A Chat with St. Joseph's New CIO Larry Stofko, Part I | Healthcare Informatics Magazine | Health IT | Information Technology Skip to content Skip to navigation

A Chat with St. Joseph's New CIO Larry Stofko, Part I

February 20, 2008
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After seven years in a supporting role, Stofko is now leading the IT team at his 14-hospital health system.

In October, Larry Stofko took the IT helm at St. Joseph Health System. Stofko — promoted into the senior vice president and CIO position at the 14-hospital, $3.7 billion not-for-profit Catholic health system — had been with the organization for seven years. Most recently, he served as vice president, IT strategy and innovation. So what’s it like to go from a supporting role to a true leadership position? Recently, HCI Editor-in-Chief Anthony Guerra chatted with Stofko about his new role, and what it takes to be a successful CIO in today’s environment.

AG: Do you get around to the 14 hospitals in your health system very often?

LS: Yes, it’s 14, but they’re broken down into eight management teams with local focus. So it’s really eight executive teams at the hospital level. Then I float between them, as well as working with the executive team here.

AG: When did you start the new position?

LS: I started on Oct. 22, but I had been serving as acting CIO since April — through the entire search process.

AG: So you took over for Ben Williams? And I don’t know if you know but I interviewed him last week. Was it strange being involved with the search for his replacement when you were also trying to get the job?

LS: It was very interesting. When I spoke with the search firm, which was Korn/Ferry, they acknowledged up front that I had two roles during the process. One role was to actually help shape the job description and what type of candidate we needed. So I was kind of the “right-hand man” if you will, here at the health system, and then the other role was as a candidate. Yes, I made it known early on that I was interested in it and the executive team here was very supportive and encouraged me to apply as well.

AG: What are some of the initiatives you were able to put into place once you got the position? Did your approach change once you were in charge?

LS: I have kept my strategic role, but can now move into more of an authoritative execution dynamic. So instead of just saying, ‘I need an idea from the guy who brings the planning ideas to the table,’ it’s more authoritative. I know that these certain strategic items are tightly linked to where our business is going and to where the industry as a whole is going, so to be able to move those into executions as an organizational priority is great.

AG: Did you feel it was important to tread lightly during your interim CIO phase?

LS: A lot of folks that I’ve known throughout the years have said it’s important to act as if. But you do have to balance that with some business acumen as well because you’re going through a process and you can’t completely ostracize or upset people during that process too. I don’t think that serves you very well.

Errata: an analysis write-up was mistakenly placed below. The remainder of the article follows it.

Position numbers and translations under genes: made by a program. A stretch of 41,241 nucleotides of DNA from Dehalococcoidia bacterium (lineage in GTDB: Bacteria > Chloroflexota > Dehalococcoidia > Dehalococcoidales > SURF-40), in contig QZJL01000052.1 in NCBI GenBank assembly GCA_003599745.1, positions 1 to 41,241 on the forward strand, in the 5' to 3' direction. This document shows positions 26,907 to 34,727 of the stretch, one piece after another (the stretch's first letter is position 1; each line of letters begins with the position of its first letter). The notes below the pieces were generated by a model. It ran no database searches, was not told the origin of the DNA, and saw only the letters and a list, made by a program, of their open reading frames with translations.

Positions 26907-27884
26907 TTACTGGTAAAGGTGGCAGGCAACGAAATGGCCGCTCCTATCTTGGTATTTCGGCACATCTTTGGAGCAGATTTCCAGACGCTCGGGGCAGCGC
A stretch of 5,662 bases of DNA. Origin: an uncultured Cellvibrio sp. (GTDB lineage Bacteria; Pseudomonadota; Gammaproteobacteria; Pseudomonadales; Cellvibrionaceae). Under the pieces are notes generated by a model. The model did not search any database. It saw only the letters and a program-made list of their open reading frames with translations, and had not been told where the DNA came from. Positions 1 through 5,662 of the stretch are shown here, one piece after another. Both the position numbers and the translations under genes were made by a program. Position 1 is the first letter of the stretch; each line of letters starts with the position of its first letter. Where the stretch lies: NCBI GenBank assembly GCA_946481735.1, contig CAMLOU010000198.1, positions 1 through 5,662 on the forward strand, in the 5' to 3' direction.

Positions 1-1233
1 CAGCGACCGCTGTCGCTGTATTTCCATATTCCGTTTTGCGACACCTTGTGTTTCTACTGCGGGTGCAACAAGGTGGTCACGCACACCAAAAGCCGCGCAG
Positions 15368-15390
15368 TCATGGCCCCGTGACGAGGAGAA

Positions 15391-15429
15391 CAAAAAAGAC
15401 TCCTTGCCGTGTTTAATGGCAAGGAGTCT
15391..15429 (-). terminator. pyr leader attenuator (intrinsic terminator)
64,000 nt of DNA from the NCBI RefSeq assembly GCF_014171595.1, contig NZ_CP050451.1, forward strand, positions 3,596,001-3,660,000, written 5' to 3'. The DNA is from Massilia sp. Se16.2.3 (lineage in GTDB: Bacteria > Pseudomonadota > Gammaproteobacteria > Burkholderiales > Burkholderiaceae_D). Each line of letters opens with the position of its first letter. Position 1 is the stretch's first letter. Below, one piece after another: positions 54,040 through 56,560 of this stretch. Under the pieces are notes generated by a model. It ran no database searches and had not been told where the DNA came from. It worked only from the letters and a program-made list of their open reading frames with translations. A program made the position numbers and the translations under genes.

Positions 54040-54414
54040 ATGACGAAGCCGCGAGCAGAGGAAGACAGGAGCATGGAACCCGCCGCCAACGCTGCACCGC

AG: How could you ostracize someone by acting as if?

LS: Well if you come in very definitive, you know, if you come out of the gate too hard. I guess that’s the point I’m trying to make is that you don’t want to swing the pendulum. You don’t want to say just because I have this acting title, I have to move from being the strategy guy that really is supportive and bringing things to the table, to the opposite end of the table and say, “This is the strategy and this is how we’re going to do it.” You just have to make you don’t swing too far the other way. I did think you have to lean more towards the execution.

Overall I’ve been here for seven years when I took the interim spot. And I have seen and done consulting with the health system for about a year prior to that. And in that whole 10 years, I have seen that there is a huge need for a larger scale, industrial strength, repository of information, because people have a lot of great data sources, but we don’t really have a common platform that helps turn that into knowledge and then into action after that. And you’ve got people looking at different reports, getting different numbers, there’s no consistency in information. So I worked with our chief medical officer and this is just when I was in the interim role, working with Microsoft, to sign a contract with them to become one of their earlier adopters of the Azyxxi product. That was something which strategically had to be put into place. It was a great organizational need. So I worked with the CMO and the executive team to really push that, and we got a large commitment. Usually, we’re a very collaborative organization, which means we can take months to make these types of decisions. But we ended up getting a $10 million commitment from our board to spend over the next five years for that initiative.

AG: How do you think you were able to get things to move quickly with this particular project?

LS: I think it was the fact that we brought it to light very clearly, that it had been and it will continue to be an organizational need. I think that was one piece. I think partnering up very closely with someone on the business side was important, in this case it was the CMO. And then through that partnership, going to the executives and showing how this will support our longer term goals as an organization. At a minimum, this project will support two of our three main long term goals very strongly. So for the two of us, the partnership we took to the executive team to explain the value to the organization was powerful.

AG: Sounds like it was very important to partner with the CMO. We hear this is becoming ever more critical to finding success as a CIO. What are your thoughts?

Click here for Part II

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